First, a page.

Due to the nature of human rights and the connections between them, it is impossible for every one of our freedoms to exist without interfering with another’s application. Therefore, it is of the utmost importance that we ensure a balance is achieved between certain rights, which allows us to enjoy them in a satisfactory manner. For example, debates continuously take place regarding where the appropriate balance between security and privacy lies. The proportionality of this balance is dynamic, changing due to environmental circumstances within our societies and therefore no enforced balance can ever be said to be wrong. However, the current balance between our freedom of expression or speech (found in Article 10 of the Human Rights Act 1998), with rights such as our freedom of religion (Part of Article 9) and the anti-discrimination principle (Article 14), specifically in relation to Muslims at the moment is extremely troubling due to the rise in something we’ve come to call ‘Islamophobia’.
Today, Theresa May has outlined the ‘Investigatory Powers Bill’ regarding data retention and new ways of improving the “outdated” methods authorities currently use to investigate our behaviour online. In the immediate moments after May’s revised proposal, support seems to be far greater than it was in her previous attempt to introduce legislation in this area, through the ‘Draft Communications Data Bill’ in 2012, or as it came to be aptly nicknamed, the ‘Snooper’s Charter’.
However, I intend to argue that this apparently “much-improved bill” (according to Nick Clegg) may not be as much of an improvement as it seems and that there is still a danger this legislation can far too easily be moulded into a tool for mass surveillance, rather than providing a fair balance between national security and personal privacy.
But, first I’ll explain what exactly this bill is and what May was talking about…
I chose to introduce this blog, because I wanted to try and engage people who may not have an interest in human rights. The fundamental block to engagement I felt was the complexity of a lot of human rights debates. When people choose to write or report on human rights, it often involves the use of jargon and knowledge of declarations, law and rights that many don’t have easy access to. Therefore, I chose to try and write in a clear and succinct manner, trying to resist using such jargon – making it as easy as possible for people to follow. However, one thing I didn’t immediately consider was the complexity of the term ‘human rights’ itself. If you ask yourself ‘what exactly are human rights?’ what would be your answer? If your answer is anything like mine, it will start with something like “that’s a tough one…” or “I’m not entirely sure”, so this article will try and tackle that question, to help try and make this topic as easy to understand as possible and to try and encourage you to ask what you think human rights are. I will do this by first discussing where the idea of human rights seemingly began, later discussing what all this progression means and where it has left us…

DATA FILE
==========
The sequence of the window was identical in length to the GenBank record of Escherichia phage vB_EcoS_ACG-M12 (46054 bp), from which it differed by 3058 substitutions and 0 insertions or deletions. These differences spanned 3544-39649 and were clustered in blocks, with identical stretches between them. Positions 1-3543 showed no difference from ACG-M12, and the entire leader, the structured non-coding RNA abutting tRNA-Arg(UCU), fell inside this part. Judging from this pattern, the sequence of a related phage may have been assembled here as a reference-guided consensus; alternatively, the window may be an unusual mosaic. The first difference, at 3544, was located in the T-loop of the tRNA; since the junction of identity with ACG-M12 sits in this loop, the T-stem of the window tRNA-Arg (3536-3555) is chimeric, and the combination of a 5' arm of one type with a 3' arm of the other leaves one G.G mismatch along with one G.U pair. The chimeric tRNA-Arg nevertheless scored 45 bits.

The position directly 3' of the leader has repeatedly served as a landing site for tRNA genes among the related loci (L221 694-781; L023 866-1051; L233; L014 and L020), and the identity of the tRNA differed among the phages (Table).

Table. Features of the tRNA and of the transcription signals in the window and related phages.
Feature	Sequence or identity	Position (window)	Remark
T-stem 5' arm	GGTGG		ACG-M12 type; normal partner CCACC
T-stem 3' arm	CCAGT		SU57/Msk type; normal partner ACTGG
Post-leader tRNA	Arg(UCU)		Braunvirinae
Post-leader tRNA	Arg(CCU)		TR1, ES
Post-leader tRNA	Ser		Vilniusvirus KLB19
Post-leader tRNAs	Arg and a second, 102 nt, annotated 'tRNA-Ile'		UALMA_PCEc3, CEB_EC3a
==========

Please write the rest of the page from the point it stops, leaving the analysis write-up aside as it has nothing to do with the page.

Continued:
The United Nations Convention on the Rights of Persons with Disabilities is little known outside medical law textbooks, yet its potential impact in the human rights arena is groundbreaking.
The Convention is an authoritative human rights treaty, the purpose of which is contained in Article 1: to “promote, protect and ensure the full and equal enjoyment of all human rights and fundamental freedoms by all persons with disabilities”. By ratifying the Convention in 2009, the UK Government is now legally obliged to ensure that national law and practice are consistent with the Treaty.
After a short (unintended) hiatus from posting, THWBlog is back with a brand new article today from our next guest writer. My friend and fellow recent law graduate Katie King has very kindly agreed to write a piece, which will be posted this evening for you all to enjoy!